“The usual.” Celestia shrugged. “Matters of state and prophecy.”
“How is Sunset doing?” Raven asked quickly, placing her stack of paperwork on a nearby table and sitting down across from Celestia. “I know she has been under a lot of pressure lately.”
“Indeed she has,” Celestia replied. “But it is a burden she must carry. I believe that very burden will be the key to unlocking her potential. A forced spark will never work. It must be natural.”
“Can’t you help her a little, Princess?” Raven asked. “I mean, she’s still so young…”
“I know. By Harmony, I know.” Celestia sighed again. “But if I interfere, years of searching will be destroyed in an instant and upon her return… there may be nothing to stand against her.”
Celestia smiled a little. “Have faith, Raven. It’s not all doom and gloom. I believe the final pony has revealed herself.”
Raven’s eyes narrowed as she studied Celestia’s face.
“Then why aren’t you happy?”
“Because I fear the final pony has revealed something far more troubling.”
“This is that ‘Twilight Sparkle’ you spoke of this morning, right?”
“You seemed quite excited to meet her,” Raven pointed out. “Why the sudden change?”
“I’ve seen her before.”
“She was a student at your school, Princess. Surely you’ve crossed paths with her. If not there, perhaps during one of your visits to the Royal Canterlot Archives.”
“While that may be so,” Celestia admitted. “It is more a matter of when I saw her.”
“I don’t understand, Princess.”
“I know.” Celestia stared at nothing as a silent battle raged through her mind. Yet there was one sensation that surpassed even the concern she held: exhaustion.
“For once, Raven, I do not believe I can shoulder this burden alone, so I hope you will assist me this evening. I am sorely in need of counsel.”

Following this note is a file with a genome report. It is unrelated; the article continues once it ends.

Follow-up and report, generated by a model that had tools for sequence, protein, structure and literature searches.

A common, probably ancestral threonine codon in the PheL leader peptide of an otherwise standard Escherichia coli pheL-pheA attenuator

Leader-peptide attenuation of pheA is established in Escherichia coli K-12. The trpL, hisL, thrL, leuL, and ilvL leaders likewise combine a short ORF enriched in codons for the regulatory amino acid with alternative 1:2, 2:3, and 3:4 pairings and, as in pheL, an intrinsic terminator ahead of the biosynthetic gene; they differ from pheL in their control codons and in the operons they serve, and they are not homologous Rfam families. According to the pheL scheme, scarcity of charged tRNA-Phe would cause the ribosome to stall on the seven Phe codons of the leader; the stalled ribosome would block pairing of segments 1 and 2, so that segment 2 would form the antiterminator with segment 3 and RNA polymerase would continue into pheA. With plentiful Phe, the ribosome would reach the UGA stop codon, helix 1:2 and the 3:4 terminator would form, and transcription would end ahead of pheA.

“I’m willing to do whatever you ask, Princess.” Raven lifted her head up high. “Always.”
“Indeed,” Celestia smiled. “Hence why I called upon you. First, of all, are those the reports I asked for?”
“Along with a few various mundane articles, yes.”
“The mundane can wait,” Celestia stated. She had no patience for politics at the present. “Please, summarize for me the academic record of Miss Sparkle.”
Raven nodded and her horn once more glowed with red magic. A large folder lifted from the top of the pile and floated over to them. It flicked open to reveal a page stamped with both the crest of Celestia’s School for Gifted Unicorns and the Royal Canterlot Archives.
“I took the liberty of reading through it earlier, Princess,” Raven admitted. “I hope you don’t mind.”
“Ever anticipating, dear Raven?” Celestia smiled, a small warmth rising in her chest at the thoroughness of her aide. “That is simply wonderful. Please, then. Summarize. I trust you to not leave out any relevant details.”
“Of course, Your Majesty,” Raven cleared her throat and adjusted her glasses. “Throughout Miss Sparkle’s academic career, she received only a single mark lower than an A, which was a B plus in Physical Education during her third term.”